Salary Gag Orders Still Common in U.S. Despite Being Illegal

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Have you ever been told by an employer to refrain from telling your coworkers how much money you earn? If so, you’re not alone. An author for The Atlantic recently wrote a piece about this issue, and it seems that many Americans hear this order from their employers and are even threatened with a termination of employment if they do share their own payroll numbers with coworkers — but only a minority of Americans realize that it’s illegal for employers to say this, and to accompany the warning with a threat of being fired.

A ruling in 1935 (that’s right, 1935) stated that all workers have the right to create unions which focus on protection of workers’ rights, pay negotiations, and other conditions of employment. Six states currently have even clearer legislation that directly protects workers and the right to discuss personal salaries. According to a recent Atlantic article which discusses this topic, even the most informal of warnings intended to encourage employees not to talk about salaries is illegal. Nevertheless, many employers continue to give warnings and threats. And what’s worse — most of these employers know that they’re doing something illegal, and they take advantage of the fact that the majority of Americans don’t realize this. President Obama has recently signed two executive actions which address this problem, but so far, it doesn’t seem like much has changed.

Have you ever been told by an employer to refrain from telling your coworkers how much money you earn? If so, you're not alone.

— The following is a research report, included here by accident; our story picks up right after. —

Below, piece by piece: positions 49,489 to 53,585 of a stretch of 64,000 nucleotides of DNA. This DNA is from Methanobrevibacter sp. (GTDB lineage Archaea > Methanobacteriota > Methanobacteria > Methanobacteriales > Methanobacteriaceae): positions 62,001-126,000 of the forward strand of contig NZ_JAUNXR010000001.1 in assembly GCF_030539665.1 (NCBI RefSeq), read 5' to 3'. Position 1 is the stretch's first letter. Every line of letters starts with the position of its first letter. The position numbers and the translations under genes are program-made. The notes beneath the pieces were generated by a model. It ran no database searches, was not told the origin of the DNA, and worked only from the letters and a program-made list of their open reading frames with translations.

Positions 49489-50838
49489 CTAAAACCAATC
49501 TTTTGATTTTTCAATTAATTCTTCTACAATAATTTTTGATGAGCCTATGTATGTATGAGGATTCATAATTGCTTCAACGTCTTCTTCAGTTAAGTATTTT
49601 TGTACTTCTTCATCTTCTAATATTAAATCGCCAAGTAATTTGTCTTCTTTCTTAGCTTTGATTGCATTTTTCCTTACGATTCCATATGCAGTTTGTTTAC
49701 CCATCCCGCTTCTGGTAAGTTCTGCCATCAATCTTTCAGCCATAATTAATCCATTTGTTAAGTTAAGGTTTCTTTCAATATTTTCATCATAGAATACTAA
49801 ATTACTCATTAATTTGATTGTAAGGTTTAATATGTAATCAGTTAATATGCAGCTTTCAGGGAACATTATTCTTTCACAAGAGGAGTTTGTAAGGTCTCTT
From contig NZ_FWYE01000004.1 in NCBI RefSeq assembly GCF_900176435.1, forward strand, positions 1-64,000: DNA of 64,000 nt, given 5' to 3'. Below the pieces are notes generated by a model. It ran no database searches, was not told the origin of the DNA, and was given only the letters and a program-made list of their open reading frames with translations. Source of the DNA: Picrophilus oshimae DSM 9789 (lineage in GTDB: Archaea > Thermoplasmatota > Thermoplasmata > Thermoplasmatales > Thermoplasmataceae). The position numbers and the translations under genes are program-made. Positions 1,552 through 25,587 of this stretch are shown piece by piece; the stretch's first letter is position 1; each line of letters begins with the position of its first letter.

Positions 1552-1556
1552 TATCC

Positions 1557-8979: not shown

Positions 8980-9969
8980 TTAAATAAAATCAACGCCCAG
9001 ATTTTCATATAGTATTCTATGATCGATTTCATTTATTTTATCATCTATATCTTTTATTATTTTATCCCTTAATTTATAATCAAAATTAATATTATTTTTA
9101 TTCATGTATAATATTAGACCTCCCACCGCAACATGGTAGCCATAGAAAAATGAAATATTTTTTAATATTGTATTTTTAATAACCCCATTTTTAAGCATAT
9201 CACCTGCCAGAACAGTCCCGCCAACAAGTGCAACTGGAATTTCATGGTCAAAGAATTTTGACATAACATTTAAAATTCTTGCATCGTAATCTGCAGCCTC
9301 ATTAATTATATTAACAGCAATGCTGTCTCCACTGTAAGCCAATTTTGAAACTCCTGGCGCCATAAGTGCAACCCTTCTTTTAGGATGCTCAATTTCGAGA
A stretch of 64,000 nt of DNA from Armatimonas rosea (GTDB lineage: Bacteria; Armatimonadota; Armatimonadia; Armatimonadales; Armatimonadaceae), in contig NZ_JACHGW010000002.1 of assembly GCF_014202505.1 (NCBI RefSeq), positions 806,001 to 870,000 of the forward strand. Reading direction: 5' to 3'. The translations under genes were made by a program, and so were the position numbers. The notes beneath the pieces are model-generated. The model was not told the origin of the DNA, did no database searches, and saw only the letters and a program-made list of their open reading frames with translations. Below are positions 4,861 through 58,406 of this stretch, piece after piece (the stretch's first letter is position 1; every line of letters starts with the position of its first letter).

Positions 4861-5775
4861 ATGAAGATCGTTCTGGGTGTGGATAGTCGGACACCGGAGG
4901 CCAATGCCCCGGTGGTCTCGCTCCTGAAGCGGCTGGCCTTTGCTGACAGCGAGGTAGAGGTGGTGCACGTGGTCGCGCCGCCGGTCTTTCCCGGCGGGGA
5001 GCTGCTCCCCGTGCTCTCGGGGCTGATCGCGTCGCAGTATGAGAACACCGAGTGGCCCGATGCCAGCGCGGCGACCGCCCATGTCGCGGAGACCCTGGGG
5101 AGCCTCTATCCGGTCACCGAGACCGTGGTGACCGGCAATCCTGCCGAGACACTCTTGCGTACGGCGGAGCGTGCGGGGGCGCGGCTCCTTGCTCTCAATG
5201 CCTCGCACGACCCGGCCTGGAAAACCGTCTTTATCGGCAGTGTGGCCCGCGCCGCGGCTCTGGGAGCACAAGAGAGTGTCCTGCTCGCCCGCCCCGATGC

Have you ever been told by an employer to refrain from telling your coworkers how much money you earn? If so, you’re not alone.

Why is this? For starters, no employer wants to have employees band together and create a stir. And what’s the most obvious cause of workplace tension among employees? Salary differences. No one wants to be paid less than their coworker if both employees do the same work, have the same experience, and are equally successful. Sure, some people are selfish and won’t care if they’re on the higher end of the payroll, even if it isn’t fair to coworkers. But chances are, if you spend enough time with your coworkers and you feel comfortable telling them how much money you make, you willcare if your coworkers aren’t being compensated fairly.

The problem is, employers know that many Americans are ignorant of employment laws and they’re willing to risk the mild punishments for breaking these laws. In a situation where an employer is struggling with finances, many difficult decisions have to be made which necessarily affect employees. It may seem easier to hire new employees at a lower pay rate, or to give only a certain group of employees raises or extra monetary benefits. But it’s also illegal. And many experts speculate that salary-related gag orders could be connected with wage discrimination problems, which leads into a new set of employment problems.

So how do we stop this trend? Simple: if you work somewhere — literally anywhere — and your boss tries to keep you from discussing wages with your coworkers, just speak up. It’s your right to do so.

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